Board travels across state to find new HHS track
Jon Rome, the executive director of physical plant services for the school system, examines the track at Hahnville High School, which has deteriorated after only seven years of use.
Board members and administration visited many facilities to determine what type of track would be the best fit at HHS. Some board members, including John Smith, Art Aucoin, Al Suffrin and Jay Robichaux, accompanied administration on visits to West Jefferson High, Slidell High, Lakeshore High and the University of Georgia earlier this month.
Track replacement became necessary when the current track deteriorated beyond repair last year. The track lasted only seven years and cost the district around $300,000.
During a Capital Improvements Committee meeting last Monday, Reed Seaton, president of Hellas Sports Construction, made a presentation about the company’s track product.
"We’re very proud tonight to be offering you what we think is one of the most revolutionary track product that is on the market today," Seaton said. "Hellas only works for educational institutions…so safety is paramount for us…and we’re the only guys in the industry that are trying to be environmentally friendly. It costs a little bit more but the performance characteristics are outstanding."
Hellas told the committee that their track product would cost between $240,000- $327,000 depending on the model the board chose, plus an additional $91,800 fee for removing the current track and an optional $48,000 coating to protect the track. The track would also come with a seven-year warranty.
Bob Strano, with Beynon Sports Surfaces, is a retired district school administrator and pitched another type of track to the committee. Beynon has installed dozens of tracks throughout Louisiana in addition to hundreds across the country in both high school and collegiate facilities. Strano said that the company’s tracks are extremely resilient - even withstanding nearly two weeks of standing water at some local facilities after Hurricane Katrina.
"Our reputation speaks for itself," Strano said. "A lot of superintendents and school boards are being smart…and going into the higher quality tracks."
Beynon offered a five- or 10-year warranty on their track. Strano said that the Mondo would be more difficult and costly to remove than other track types. Beynon estimated the cost of a new track between $305,00-$335,000
Seaton said that both companies make their own materials so the board would be dealing with domestic products either way.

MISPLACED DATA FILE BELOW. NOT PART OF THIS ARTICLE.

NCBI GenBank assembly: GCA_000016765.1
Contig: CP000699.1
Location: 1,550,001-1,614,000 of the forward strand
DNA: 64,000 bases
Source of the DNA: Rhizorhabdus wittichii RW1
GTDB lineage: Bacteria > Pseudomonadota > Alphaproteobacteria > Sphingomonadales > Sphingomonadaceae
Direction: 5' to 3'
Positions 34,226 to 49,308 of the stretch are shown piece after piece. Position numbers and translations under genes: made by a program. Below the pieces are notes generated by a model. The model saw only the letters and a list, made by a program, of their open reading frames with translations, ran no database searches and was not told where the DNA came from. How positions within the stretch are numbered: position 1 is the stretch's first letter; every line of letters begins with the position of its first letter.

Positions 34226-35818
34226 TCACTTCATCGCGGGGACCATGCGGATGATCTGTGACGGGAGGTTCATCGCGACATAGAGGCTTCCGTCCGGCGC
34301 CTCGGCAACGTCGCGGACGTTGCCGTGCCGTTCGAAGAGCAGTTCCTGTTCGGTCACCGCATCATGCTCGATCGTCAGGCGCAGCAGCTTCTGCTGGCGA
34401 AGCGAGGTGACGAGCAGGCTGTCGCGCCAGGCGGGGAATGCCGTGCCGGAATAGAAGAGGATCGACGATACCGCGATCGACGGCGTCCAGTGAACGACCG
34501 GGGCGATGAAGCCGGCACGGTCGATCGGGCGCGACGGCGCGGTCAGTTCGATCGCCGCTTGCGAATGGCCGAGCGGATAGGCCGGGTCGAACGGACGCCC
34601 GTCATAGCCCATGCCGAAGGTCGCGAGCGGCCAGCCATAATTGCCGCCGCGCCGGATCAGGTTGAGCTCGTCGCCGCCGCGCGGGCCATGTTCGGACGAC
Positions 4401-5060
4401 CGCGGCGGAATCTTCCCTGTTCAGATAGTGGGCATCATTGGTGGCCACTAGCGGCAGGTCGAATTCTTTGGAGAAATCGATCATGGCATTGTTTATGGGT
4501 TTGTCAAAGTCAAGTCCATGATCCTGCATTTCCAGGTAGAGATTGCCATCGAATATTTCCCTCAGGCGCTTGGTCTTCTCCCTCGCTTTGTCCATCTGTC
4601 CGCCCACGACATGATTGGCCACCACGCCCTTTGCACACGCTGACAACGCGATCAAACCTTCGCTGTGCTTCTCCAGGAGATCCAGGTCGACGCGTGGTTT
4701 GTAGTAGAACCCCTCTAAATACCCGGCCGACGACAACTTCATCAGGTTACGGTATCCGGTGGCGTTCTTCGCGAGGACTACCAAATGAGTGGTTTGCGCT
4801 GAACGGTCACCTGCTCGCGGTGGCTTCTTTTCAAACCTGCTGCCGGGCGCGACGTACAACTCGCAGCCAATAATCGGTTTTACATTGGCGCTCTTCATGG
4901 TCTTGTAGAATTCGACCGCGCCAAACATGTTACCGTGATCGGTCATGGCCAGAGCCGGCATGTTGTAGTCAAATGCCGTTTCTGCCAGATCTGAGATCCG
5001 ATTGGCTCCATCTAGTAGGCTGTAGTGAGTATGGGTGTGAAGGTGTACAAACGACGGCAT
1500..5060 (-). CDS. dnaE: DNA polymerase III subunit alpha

The board deferred both the selection of a track product and an engineer until the next committee meeting in February.
Several other capital improvements projects are currently underway in St. Charles Parish Public Schools. From new wing construction to track and roof repairs, the Capital Improvements Committee had their hands full during their January meeting.
After a setback last year due to a delay in steel delivery, the new wing at Harry Hurst Middle is now nearing completion.
Michael Tabb with Murray Architects said that the building will have temperature controls by this week. Tabb said that 100 percent of brick and masonry work is complete, and about 80 percent of the glass work is done. Tabb said the building should be complete by the target date in March.
J.B. Martin Middle’s new wing is also nearly complete. Officials said that all of the brickwork should be done and stairwells should be in by the end of the month.
Also brought to the board table during last Wednesday’s board meeting was a bid authorization for the Hurst Middle School parking lot expansion project. The lowest acceptable bid was $703,525 from Byron E. Talbot Contractor Inc. About $250,000 of the money going towards the wing expansion at the school has already been allocated to the parking expansion.
Several major leaks in the Allemands Elementary roof also led to the board to authorize bids for a replacement.
The board also discussed the upcoming building of a land lab at Luling Elementary School which will soon be ready to go out for bids. The 5,000-square-foot building off of Sugarhouse Road will include a science lab, computer lab, classroom and multi-purpose area.
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